These websites and written resources may help faculty in self-assessment of their teaching as well as in formative and summative peer evaluation of teaching.
The Peer Collaboration and Review of Teaching by Pat Hutchings
This essay, from a leading scholar in peer evaluation and the scholarship of teaching and learning, outlines the role faculty play in evaluating college and university teaching. Hutchings? claim is that ?there are substantive aspects of teaching that only faculty can judge and assist each other with. Currency in the field is an obvious example, the setting of appropriate standards for student work, another.? Peer review of teaching is also important, she argues, ?because teaching entails learning from experience, which is difficult to do without colleagues?. Faculty can help one another step back and see more clearly, and therefore learn from, their own teaching practice in a variety of ways?.Third, and perhaps most important, peer review puts faculty in charge of the quality of their work as teachers.?
Peer Review of Teaching
Center for Teaching and Learning Services, University of Minnesota - Twin Cities
This site contains resources on peer observation and review, with many guides and worksheets for classroom observation. Much of this material is for formative assessment.
Peer Review of Teaching Project
University of Nebraska-Lincoln
A large site with many examples of types of portfolios for peer review. This project "provides faculty with a structured and practical model that combines inquiry into the intellectual work of a course, careful investigation of student understanding and performance, and faculty reflection on teaching effectiveness."
Review of Teaching
Center for Instructional Development and Research (CIDR), University of Washington
This site discusses formative and summative evaluation of teaching, with characteristics of each.
Peer Review of Teaching
University of Wisconsin-Madison
This site explains the processes of preparing for a peer review, preparing to review a peer's teaching, and designing a program for peer review of teaching.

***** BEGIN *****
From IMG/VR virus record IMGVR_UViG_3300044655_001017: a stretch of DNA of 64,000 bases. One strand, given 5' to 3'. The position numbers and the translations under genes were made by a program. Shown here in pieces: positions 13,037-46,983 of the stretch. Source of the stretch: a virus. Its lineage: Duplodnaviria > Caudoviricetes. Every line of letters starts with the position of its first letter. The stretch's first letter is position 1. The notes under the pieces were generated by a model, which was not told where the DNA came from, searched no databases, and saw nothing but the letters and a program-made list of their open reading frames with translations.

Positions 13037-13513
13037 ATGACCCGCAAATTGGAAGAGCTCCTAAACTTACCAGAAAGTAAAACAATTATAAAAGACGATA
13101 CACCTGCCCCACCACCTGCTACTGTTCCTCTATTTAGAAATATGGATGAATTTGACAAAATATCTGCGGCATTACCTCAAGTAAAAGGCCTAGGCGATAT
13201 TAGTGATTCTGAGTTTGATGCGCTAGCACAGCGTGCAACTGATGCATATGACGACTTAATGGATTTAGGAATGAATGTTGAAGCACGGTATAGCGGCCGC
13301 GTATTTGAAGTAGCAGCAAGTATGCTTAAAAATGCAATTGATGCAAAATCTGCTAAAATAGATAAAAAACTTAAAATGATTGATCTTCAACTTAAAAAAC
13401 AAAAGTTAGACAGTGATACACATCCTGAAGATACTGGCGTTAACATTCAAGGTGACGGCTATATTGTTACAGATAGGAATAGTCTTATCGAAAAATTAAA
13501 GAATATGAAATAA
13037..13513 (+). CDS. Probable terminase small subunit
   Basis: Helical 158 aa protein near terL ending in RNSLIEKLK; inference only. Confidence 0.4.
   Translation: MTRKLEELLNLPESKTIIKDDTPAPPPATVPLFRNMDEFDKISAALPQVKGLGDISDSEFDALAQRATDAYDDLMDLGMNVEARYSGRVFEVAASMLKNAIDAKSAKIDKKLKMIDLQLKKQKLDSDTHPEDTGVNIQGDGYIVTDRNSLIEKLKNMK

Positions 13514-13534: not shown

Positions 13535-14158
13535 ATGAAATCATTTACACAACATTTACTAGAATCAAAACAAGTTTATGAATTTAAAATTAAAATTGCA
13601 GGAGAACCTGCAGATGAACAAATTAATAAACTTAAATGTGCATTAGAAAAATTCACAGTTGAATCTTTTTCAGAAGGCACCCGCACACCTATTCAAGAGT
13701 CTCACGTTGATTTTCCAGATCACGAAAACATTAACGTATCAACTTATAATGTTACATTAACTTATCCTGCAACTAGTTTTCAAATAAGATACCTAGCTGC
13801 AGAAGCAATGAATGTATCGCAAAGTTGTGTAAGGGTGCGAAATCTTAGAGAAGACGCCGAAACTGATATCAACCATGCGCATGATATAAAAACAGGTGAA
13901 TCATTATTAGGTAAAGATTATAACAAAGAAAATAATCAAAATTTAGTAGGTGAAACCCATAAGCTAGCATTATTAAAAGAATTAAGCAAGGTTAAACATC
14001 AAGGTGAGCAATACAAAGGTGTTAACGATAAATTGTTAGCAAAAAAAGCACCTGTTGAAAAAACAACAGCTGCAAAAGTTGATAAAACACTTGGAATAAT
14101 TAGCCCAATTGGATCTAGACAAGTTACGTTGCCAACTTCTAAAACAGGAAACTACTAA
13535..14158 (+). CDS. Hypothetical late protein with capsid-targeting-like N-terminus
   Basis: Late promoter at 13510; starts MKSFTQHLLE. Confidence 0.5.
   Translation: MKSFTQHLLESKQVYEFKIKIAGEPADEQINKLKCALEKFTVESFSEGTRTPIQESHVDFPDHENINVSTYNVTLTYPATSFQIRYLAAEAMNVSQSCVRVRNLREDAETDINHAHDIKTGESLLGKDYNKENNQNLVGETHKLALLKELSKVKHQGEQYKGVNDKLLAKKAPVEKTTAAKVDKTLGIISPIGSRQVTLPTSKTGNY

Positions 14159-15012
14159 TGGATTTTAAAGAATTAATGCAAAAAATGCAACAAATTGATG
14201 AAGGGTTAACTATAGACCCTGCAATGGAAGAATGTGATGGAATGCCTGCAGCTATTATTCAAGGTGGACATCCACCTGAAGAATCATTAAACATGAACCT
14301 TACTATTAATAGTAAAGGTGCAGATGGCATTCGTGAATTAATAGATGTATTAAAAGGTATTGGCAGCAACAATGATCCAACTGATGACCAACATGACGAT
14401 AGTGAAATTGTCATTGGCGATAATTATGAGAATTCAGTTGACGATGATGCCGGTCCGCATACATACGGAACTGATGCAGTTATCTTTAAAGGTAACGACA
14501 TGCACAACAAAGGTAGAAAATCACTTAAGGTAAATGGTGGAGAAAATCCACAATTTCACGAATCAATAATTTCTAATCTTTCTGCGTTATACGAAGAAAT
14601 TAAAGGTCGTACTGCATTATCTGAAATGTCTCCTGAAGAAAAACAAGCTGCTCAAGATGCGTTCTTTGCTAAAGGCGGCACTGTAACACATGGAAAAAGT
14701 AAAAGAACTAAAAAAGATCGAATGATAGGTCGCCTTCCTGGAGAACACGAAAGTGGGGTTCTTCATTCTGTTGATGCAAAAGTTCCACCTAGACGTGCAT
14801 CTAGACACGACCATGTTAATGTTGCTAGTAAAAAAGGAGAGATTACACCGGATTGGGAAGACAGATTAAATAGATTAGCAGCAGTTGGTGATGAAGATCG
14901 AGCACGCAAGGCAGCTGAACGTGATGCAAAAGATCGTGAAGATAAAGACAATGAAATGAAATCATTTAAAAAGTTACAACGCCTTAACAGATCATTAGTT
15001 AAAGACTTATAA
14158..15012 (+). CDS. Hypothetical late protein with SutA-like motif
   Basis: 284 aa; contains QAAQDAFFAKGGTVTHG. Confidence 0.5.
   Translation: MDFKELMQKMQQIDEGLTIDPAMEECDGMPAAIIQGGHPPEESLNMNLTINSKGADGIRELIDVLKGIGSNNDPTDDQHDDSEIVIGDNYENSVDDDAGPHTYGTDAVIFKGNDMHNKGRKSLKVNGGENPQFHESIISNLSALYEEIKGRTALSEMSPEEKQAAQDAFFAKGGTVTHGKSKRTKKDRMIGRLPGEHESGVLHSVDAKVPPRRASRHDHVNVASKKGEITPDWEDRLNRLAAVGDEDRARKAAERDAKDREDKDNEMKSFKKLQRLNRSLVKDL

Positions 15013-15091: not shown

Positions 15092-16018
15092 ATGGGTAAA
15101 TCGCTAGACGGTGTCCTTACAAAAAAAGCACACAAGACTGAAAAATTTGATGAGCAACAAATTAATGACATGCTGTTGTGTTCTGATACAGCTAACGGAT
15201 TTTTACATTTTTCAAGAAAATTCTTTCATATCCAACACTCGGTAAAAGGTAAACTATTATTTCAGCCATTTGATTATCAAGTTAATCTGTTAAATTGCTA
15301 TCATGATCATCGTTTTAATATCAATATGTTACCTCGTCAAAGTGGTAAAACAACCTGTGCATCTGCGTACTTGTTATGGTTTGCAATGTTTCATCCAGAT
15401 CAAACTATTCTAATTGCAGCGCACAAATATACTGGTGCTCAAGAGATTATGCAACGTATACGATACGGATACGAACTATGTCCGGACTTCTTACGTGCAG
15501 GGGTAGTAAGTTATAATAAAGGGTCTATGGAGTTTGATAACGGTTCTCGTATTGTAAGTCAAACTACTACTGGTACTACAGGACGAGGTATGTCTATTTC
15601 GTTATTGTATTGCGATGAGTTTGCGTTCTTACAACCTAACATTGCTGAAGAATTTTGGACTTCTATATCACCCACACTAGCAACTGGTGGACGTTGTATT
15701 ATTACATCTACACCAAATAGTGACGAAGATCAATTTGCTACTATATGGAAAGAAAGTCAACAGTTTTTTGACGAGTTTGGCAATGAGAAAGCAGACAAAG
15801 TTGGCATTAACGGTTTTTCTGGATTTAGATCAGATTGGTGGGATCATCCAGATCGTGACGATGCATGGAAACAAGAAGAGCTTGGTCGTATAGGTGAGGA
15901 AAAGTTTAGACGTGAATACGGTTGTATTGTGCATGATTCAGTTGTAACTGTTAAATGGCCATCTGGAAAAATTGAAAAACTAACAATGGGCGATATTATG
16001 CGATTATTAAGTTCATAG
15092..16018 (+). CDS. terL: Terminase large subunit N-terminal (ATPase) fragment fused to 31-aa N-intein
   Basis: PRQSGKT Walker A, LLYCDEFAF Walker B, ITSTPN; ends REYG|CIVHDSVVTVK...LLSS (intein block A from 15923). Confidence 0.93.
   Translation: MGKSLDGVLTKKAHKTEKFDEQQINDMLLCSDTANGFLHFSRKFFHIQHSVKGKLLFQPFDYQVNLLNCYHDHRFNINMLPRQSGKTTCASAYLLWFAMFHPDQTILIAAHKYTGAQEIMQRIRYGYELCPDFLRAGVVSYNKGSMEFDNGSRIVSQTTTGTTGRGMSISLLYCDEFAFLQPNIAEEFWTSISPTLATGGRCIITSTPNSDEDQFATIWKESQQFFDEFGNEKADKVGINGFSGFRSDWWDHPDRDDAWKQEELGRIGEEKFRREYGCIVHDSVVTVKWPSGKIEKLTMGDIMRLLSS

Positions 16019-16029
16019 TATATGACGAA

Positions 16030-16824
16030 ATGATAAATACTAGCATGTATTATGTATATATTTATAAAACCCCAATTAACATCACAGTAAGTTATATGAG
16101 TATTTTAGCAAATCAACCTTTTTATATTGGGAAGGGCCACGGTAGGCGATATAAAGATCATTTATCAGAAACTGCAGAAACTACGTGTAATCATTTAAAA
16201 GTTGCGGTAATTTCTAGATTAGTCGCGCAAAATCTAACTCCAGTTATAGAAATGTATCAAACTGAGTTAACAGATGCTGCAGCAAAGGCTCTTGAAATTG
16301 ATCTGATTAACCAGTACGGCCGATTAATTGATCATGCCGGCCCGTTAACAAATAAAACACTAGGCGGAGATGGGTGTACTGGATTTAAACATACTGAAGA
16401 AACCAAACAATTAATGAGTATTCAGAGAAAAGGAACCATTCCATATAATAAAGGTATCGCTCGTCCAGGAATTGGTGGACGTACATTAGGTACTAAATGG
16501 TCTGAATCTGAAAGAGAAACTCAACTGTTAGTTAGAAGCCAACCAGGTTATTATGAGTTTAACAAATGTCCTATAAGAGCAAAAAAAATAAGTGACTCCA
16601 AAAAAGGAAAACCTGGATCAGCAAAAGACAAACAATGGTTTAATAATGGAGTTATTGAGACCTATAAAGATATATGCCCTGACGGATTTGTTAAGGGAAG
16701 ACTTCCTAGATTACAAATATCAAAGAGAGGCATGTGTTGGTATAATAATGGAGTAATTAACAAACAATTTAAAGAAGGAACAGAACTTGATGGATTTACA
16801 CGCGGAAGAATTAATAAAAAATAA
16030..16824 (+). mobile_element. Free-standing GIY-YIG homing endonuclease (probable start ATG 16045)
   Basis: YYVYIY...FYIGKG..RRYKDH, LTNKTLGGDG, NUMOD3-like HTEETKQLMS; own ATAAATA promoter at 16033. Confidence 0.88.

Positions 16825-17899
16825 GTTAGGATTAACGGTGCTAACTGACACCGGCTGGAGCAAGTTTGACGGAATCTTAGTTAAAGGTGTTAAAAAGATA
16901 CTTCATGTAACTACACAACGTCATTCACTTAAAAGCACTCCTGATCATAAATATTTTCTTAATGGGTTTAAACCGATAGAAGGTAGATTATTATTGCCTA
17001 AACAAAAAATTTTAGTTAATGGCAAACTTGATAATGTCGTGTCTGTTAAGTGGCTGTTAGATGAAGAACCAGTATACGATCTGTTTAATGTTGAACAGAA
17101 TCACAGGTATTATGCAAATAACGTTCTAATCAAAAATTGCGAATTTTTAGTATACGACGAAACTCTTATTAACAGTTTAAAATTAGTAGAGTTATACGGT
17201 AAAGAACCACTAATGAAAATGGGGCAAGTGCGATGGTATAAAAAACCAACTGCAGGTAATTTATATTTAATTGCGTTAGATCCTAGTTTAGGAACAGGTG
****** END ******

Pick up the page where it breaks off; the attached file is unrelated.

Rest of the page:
Suggested Principles and Guidelines for the Peer Review of Teaching
University of British Columbia
Reasons for, and effective practices in, peer evaluation of teaching. This site emphasizes formative rather than summative peer review.
Peer Review of Teaching
North Carolina State University
This well-organized site contains details definitions, procedures, and best practices, including a section on summative review, partially based on the work of Peter Seldin.
Peer Observation and Assessment of Teaching
University of Albany
A large site with detailed explanations of formative and summative review, with ways of maximizing the fairness and usefulness of summative peer review.
Preparing for Peer Observation: A Guidebook
University of Texas
This site covers key issues in peer observation of teaching, its use in formative and summative assessment, and observation worksheets. Also see the section on summative evaluation.
Report of the Task Force on Assessing and Improving Teaching and Learning at Indiana State University
Citing Cohen and McKeachie, (Cohen, P. and McKeachie, W. . The role of colleagues in the evaluation of college teaching. Improving College and University Teaching, 28, 147-54), this report asserts that peers can reliably evaluate:
- Mastery and selection of course content
- Course organization
- Appropriateness of course objectives, materials (e.g., textbooks, readings, media), and evaluation (e.g. exams, reports, assignments)
- Appropriateness of methodology used to teach specific content areas
- Commitment to teaching and concern for student learning
- Student achievement
- Support of departmental instructional efforts
Materials available in CELT Library:
Arreola, R. A. (1995). Developing a Comprehensive Faculty Evaluation System. Bolton, MA: Anker.
Faculty evaluation can provide feedback for self-improvement or data for personnel decisions as long as data are relevant and reliable. Definition and weighing of ?observable or documentable? faculty roles must be carefully determined.
Bernstein, D. et al. (2006). Making Teaching and Learning Visible. Bolton, MA: Anker.
This volume presents the case for portfolios in assessing faculty achievement. Chapter 5 outlines recommendations for formative and summative evaluation of portfolios by external reviewers.
Chism, N. (2007). Peer Review of Teaching: A Sourcebook, 2nd ed. Bolton, MA: Anker.
This book treats rationales and approaches to peer review, emphasizing professional leadership as well as goals and resources.
Journal on Excellence in College Teaching6 (3), 1995.
Several articles on designing and using peer evaluation in assessing college and university teaching.